When Stephen King wrote The Running Man back in 1982, he might very well have been looking through a crystal ball at the television landscape of the 21st century. While we haven’t started executing criminals in game-show fashion …yet … reality television has had a huge impact on our pop culture. From Big Brother to Survivor, Americans continue to get their kicks watching attention-needy “contestants” engage in silly little dramas and the occasional shoving match. Maybe we should blame it all on Jerry Springer. One of the latest reality shows to come along has been Breaking Amish. That show was soon followed by Breaking Amish: Los Angeles. Both are no longer on the air, and after spending a season with Breaking Amish Los Angeles, I can’t say I’m at all surprised.
The idea appears to be a simple one. Young Amish folks are offered a chance to try the “English” (it’s what they call the rest of us) lifestyle. They are taken to LA where they live together and experience all of those things that are taboo in their own cultures. They risk being shunned when they return, but they go along with the idea. Now here’s where the show differs from any other reality series I’ve seen to date. Usually there is some competition or elimination process with some kind of a prize or goal at the end of the show. That’s not the case here. When it starts we don’t even know how long they are to do this, and “contestants” appear to come and go in the house. There is no cash or apprentices awaiting a winner. A couple of the participants do get to meet people in a field they wish to pursue, but it’s a dropped thread that doesn’t really lead anywhere for either. No one gets voted out, although a couple are asked to leave at different times, only one being permanent.
The show starts with five members. There’s Betsy, a married girl who takes off without even talking to her husband, whom we never meet. She leaves him a note and splits. She’s also apparently a witch, something that gets her a lot of attention with the others. She talks about demons, hexes and spells, which I’m guessing isn’t really a part of the Amish culture. Iva is the flirtatious, pretty girl who has odd mood shifts. She causes trouble when she engages in a threesome and tries to have Betsy arrested for sexual assault by lying about the encounter when it embarrasses her. You see, she has a boyfriend back home who shows up in the middle of the season to live with the group. Lizzie is trying to hide a pregnancy both from her community and the other residents of the house. Her brother Samuel arrives to “protect” his sister but stays and gets in just as much trouble as the rest of them. Andrew is an ex-con who arrives mid-show and stirs up some trouble of his own. Devon’s the troublemaker with the “who me?” look. Finally there’s Matt, who starts out by trying to lay down house rules he calls the 10 CoMattments. Really?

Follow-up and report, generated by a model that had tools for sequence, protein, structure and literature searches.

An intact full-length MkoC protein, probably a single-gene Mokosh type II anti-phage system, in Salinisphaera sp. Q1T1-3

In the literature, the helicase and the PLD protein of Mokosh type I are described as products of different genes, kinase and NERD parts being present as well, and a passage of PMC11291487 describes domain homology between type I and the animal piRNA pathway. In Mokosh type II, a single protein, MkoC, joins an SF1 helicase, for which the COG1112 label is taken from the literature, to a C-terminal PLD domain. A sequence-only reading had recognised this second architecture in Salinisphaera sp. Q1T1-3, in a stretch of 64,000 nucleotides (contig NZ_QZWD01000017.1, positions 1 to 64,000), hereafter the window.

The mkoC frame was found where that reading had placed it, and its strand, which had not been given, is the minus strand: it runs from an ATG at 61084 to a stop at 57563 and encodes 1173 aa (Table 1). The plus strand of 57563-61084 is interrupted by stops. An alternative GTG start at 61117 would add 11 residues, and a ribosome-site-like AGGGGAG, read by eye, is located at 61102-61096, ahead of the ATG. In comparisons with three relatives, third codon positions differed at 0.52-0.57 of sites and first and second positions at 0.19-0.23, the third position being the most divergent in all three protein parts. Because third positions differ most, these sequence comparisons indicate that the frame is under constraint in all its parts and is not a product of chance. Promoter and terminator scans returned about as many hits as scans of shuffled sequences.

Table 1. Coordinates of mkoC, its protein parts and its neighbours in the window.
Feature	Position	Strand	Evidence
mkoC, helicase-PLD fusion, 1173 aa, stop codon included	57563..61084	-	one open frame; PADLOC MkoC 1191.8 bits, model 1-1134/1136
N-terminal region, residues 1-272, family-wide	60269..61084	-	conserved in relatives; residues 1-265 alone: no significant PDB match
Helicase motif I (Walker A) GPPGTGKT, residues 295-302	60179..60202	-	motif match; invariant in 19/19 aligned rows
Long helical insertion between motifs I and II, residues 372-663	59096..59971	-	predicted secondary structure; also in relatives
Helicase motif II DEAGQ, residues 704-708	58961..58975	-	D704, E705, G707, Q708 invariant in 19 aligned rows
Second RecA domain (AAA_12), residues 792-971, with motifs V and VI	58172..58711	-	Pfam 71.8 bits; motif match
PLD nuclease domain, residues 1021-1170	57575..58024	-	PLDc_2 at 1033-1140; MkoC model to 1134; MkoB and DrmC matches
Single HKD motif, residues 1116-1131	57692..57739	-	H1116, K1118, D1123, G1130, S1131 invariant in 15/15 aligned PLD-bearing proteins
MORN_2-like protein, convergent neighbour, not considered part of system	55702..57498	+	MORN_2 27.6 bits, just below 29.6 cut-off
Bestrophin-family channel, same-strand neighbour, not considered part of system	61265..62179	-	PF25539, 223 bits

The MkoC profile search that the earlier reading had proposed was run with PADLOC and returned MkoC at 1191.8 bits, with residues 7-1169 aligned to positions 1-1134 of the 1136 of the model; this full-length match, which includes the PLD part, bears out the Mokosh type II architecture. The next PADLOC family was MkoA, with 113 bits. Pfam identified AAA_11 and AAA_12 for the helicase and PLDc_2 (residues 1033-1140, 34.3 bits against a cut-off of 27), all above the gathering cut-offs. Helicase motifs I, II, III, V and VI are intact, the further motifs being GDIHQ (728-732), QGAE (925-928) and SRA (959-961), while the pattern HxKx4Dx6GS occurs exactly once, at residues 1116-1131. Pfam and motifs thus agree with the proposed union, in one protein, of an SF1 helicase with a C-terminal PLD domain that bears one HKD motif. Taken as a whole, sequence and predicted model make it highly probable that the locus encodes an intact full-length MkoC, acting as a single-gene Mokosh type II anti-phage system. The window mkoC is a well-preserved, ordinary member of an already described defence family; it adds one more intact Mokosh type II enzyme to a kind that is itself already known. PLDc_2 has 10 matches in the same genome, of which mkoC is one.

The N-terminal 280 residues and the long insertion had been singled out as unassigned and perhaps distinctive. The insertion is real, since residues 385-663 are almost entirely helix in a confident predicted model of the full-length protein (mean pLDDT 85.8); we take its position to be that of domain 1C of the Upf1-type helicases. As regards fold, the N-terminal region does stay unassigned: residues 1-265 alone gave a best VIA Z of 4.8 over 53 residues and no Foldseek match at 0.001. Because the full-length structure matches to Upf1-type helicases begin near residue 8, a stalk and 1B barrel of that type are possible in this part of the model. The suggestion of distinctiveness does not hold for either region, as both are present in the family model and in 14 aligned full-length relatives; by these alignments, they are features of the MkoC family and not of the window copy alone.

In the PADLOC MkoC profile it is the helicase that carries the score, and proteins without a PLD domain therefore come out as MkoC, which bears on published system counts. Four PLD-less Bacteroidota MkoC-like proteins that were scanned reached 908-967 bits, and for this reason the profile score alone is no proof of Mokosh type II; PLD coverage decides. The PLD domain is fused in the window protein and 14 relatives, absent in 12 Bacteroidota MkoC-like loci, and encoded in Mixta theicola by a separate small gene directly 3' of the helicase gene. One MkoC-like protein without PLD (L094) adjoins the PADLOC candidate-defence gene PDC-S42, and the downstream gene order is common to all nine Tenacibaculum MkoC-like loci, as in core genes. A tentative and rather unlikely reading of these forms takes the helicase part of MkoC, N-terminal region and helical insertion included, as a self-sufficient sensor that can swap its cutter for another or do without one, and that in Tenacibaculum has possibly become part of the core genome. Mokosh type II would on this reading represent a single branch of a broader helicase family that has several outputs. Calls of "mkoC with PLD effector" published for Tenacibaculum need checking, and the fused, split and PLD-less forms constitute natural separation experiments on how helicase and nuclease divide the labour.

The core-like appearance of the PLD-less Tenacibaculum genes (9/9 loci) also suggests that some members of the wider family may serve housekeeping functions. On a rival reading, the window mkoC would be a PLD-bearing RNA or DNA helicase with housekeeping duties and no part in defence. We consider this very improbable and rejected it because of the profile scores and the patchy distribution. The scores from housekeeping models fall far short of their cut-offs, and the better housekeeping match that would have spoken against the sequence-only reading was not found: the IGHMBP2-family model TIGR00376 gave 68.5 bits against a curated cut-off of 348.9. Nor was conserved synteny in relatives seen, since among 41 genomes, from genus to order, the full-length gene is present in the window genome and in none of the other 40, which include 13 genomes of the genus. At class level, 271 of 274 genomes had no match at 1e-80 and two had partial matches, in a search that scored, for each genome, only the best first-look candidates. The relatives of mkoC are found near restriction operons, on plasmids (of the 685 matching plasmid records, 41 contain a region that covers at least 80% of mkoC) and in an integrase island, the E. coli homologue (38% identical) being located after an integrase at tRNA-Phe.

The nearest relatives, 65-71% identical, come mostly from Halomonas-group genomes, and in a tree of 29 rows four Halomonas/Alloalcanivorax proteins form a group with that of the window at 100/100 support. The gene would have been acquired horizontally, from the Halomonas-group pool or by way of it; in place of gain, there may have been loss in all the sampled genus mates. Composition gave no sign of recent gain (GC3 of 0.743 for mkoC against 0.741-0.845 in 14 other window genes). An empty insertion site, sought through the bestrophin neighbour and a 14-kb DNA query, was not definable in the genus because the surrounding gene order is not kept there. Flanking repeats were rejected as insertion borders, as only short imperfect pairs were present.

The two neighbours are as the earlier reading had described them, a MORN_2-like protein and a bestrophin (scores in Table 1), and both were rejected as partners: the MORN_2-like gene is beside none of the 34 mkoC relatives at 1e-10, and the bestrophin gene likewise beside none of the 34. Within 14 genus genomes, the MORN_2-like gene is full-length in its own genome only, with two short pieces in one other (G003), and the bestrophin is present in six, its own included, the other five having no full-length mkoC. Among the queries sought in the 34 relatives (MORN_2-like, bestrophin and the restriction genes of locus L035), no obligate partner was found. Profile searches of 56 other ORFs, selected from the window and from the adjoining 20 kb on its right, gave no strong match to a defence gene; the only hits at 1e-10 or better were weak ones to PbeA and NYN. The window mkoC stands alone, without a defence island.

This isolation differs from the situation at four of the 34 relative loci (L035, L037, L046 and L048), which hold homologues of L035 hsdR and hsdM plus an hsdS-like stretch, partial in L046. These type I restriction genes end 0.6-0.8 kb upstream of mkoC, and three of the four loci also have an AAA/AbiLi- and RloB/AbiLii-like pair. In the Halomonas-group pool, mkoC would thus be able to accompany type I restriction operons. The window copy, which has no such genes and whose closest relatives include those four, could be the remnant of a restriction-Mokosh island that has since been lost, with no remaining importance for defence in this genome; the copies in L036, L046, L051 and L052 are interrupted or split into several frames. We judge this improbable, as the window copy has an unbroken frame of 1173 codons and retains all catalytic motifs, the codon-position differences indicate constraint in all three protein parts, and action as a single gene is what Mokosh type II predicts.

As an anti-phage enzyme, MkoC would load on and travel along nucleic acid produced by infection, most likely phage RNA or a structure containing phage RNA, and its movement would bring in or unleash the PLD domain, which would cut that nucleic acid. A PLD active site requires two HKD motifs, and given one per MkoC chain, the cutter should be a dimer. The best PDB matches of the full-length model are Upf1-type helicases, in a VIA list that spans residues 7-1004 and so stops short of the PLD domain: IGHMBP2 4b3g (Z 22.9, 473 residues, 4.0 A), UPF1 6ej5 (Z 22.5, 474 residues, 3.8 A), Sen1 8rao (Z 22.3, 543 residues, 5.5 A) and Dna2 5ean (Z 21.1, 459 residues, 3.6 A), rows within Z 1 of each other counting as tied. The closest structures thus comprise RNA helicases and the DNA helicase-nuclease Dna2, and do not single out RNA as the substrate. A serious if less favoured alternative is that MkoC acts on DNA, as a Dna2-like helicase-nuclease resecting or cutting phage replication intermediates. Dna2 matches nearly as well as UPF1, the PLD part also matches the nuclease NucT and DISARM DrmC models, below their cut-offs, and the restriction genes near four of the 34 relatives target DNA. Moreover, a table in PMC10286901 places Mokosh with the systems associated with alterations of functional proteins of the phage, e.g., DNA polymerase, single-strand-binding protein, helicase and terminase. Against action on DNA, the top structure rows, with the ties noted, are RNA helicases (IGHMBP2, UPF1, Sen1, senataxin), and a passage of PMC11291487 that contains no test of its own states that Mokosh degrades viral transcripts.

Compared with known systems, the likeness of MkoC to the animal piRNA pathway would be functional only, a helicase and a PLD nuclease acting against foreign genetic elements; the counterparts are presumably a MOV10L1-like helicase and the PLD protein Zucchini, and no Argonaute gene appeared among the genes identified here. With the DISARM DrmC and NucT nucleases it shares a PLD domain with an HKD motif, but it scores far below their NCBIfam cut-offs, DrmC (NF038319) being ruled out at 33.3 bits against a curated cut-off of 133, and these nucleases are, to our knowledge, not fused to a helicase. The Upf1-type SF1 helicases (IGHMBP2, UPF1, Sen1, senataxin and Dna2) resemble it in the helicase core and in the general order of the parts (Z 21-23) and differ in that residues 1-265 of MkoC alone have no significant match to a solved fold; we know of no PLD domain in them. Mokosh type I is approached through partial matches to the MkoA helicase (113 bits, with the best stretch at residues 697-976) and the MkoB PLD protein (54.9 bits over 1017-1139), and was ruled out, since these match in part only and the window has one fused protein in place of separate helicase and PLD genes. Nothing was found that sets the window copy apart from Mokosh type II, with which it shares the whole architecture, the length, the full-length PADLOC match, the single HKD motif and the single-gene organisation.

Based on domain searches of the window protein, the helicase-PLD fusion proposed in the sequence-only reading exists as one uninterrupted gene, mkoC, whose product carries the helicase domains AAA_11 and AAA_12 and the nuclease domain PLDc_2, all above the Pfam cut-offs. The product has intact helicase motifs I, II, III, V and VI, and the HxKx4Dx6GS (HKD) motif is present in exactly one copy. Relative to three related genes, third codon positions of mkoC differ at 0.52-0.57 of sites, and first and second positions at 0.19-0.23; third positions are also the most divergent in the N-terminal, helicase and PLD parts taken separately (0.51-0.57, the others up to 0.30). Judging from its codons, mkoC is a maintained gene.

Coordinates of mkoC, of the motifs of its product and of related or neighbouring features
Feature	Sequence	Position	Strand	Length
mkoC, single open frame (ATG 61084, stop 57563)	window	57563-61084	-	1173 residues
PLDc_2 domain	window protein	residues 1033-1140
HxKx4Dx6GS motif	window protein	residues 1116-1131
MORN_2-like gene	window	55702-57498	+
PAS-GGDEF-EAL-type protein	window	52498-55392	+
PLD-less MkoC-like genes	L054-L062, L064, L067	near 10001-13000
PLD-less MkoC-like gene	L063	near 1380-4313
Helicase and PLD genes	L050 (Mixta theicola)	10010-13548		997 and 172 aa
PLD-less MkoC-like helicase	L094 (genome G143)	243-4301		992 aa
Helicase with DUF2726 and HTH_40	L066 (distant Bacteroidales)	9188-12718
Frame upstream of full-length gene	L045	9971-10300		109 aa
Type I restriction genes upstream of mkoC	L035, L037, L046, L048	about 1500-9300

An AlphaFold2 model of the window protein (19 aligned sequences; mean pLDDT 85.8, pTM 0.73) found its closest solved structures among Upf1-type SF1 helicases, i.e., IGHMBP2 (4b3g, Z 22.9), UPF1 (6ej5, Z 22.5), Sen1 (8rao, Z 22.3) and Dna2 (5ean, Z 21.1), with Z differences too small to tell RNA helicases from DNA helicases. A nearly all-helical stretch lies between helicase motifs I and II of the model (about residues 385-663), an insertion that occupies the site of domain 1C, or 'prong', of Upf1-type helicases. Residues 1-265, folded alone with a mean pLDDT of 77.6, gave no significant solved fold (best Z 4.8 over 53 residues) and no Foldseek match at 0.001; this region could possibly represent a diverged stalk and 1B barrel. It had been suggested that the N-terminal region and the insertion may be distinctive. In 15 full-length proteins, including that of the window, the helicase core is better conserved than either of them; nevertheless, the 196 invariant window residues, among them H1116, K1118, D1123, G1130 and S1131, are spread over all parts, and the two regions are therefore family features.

Needless to say, the show is nothing but constant drama. The subjects themselves get pretty old. They are either fighting about the aftermath of the threesome or Betsy’s witchcraft moments. It’s so obvious that all of them are starving for attention from their culture that minimizes individualism to a point where you’re not supposed to wear red and dolls’ faces can’t contain features. The rest of the time we see them succumb to various temptations like booze and strip clubs. The truth is that none of these folks require that much of a push into anything that they do. There’s obvious manipulation by the show people, but we never see them, and there is no host to the events. When it ends it ends just because they decide it’s time to go home and decide what to do with themselves.
Even reality show drama junkies will have a hard time staying with this show. It runs rather aimlessly, and the participants appear less real than most of these shows. Combine that with a lack of structure or mission and you have a show that is very hard to watch more than an episode or two. There’s also far more repetition here, and I felt like I was often watching the same episode over and over again. It’s just bad television all around.
I grew up in Eastern Pennsylvania. Horses and buggies on the highways and roads was nothing strange to me growing up. We met many Amish people at farmer’s markets and other businesses where their produce and crafts could be found for sale. I can tell you that none of the people on this show are at all representative of that community. These are people already predisposed to succumb to the temptations they do here. It’s easy to walk away from this show with some negative feelings toward the Amish culture and a real image of hypocrisy within their faith. But that’s not a true picture at all. This might well be one of the most unrealistic “reality” shows I’ve seen. These guys drop F-bombs more than Samuel Jackson. Trust me when I tell you they didn’t learn that down on the farm in Lancaster. They aren’t only bad Amish, they’re just bad people in general. There’s really only one way to treat this nightmare of a series. “Shunning.“